China's economy is slowing, and trade war may make it worse. Currency crises in Turkey and Argentina are spilling over to other emerging markets. Italy looks shaky. And the UK economy is unsettled as the last Brexit deadline draws near.
Yet the US economy and stock market continue to power ahead.
America's gross domestic product rose at an annualized pace of 4.2% in the second quarter. The Atlanta Federal Reserve is forecasting another impressive jump of 3.8% for the third quarter. The US unemployment rate is at its lowest point in nearly two decades and wages are rising. Consumers are spending at a healthy clip. The manufacturing sector is booming even as tariff fears grow. Small businesses are more optimistic than ever. Inflation remains mild.
That clean bill of health helped lift American stocks. After a brief rough patch, the Dow, S&P 500 and Nasdaq are once again inching closer to the record highs they set earlier this year.
Iconic American multinational companies like Apple, Boeing, Microsoft and Nike have all surged in 2018 thanks to strong sales and profits both in the US and abroad.
How much longer can the dichotomy last?
US could lift world higher
The US economy and stocks can't thrive for the long haul while other major economies remain weak. Decoupling is a myth. If the rest of the globe is coughing, the US eventually is going to catch a cold.
But maybe this time really is different?
Jim Tierney, chief investment officer of Concentrated U.S. Growth at AllianceBernstein told CNNMoney that earnings should remain strong for American companies this year and through 2019. He noted that stocks aren't as expensive as they once were either since profits continue to grow at a healthy clip.
Barbara Reinhard, head of asset allocation for Voya Investment Management, thinks that strong US fundamentals will be good for the rest of the world too. She wrote in a report this week that "U.S. economic growth continues to drive global expansion."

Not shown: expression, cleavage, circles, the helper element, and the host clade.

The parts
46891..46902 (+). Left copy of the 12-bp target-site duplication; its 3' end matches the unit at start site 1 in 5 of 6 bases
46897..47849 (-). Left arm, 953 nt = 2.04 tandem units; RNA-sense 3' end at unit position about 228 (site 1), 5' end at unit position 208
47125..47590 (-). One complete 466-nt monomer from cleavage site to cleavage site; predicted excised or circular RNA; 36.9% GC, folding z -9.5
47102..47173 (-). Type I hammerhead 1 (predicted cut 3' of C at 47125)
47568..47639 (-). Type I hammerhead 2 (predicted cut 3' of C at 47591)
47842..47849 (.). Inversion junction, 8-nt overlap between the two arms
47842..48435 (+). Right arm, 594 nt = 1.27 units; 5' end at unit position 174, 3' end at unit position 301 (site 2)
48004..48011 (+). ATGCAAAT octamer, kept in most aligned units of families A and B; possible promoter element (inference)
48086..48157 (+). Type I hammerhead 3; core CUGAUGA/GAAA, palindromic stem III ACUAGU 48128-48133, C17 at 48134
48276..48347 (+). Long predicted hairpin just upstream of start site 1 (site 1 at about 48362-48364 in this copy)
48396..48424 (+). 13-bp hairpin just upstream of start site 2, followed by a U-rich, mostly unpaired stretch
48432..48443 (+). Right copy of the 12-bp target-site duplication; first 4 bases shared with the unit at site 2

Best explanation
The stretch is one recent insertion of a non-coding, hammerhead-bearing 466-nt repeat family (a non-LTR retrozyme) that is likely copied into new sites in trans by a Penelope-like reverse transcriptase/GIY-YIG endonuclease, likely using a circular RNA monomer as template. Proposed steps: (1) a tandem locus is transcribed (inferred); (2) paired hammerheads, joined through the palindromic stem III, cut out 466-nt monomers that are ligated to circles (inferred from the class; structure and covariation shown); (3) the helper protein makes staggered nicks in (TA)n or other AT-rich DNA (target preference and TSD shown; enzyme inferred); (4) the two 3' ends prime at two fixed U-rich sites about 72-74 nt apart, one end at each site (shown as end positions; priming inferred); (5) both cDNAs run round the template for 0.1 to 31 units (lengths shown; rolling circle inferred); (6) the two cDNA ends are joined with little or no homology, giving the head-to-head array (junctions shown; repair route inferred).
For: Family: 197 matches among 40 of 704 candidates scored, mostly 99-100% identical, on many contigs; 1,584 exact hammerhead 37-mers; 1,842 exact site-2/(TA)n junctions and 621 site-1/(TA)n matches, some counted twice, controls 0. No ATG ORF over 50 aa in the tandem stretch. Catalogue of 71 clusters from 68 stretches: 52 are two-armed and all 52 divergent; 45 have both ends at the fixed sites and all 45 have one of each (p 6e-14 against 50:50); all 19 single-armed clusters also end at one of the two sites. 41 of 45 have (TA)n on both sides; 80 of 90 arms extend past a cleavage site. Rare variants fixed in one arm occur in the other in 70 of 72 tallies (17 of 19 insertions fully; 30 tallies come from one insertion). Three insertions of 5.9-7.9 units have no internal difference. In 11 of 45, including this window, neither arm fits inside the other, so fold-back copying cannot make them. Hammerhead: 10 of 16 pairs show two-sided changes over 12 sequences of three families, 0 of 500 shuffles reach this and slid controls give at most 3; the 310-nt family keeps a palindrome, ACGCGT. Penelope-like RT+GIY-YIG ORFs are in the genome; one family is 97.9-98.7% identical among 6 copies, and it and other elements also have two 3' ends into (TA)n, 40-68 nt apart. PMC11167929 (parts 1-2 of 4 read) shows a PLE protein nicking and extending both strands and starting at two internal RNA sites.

Jeffrey Pavlik, chief investment officer of Pavlik Capital Management, also is bullish on the United States.
Pavlik said in an interview with CNNMoney that he's not overly concerned about the Federal Reserve causing a premature end to the party with more rate hikes either.
Don't sweat more rate hikes or trade war fears
Pavlik said he thinks Powell realizes that rate hikes are one reason why the dollar has surged so dramatically lately -- and that this is hurting emerging markets since their debt is often denominated in US dollars.
As such, Pavlik believes the Fed may raise rates two more times this year and perhaps one more time in early 2019 and that it is likely to pause after that.
"We would need truly exceptional economic numbers to get the Fed to raise rates more aggressively," Pavlik said. "I don't think Powell is going to whiff here."
What about trade wars though?
Reinhard noted there are increased expectations that trade tensions between the US and China (and the rest of the world) may de-escalate. Headlines about the possibility of more negotiations have renewed hopes that cooler heads eventually will prevail.
If that happens, the greenback's relentless surge against many other currencies could start to abate.
In other words, a healthy US economy may lead the rest of the world out of its collective funk.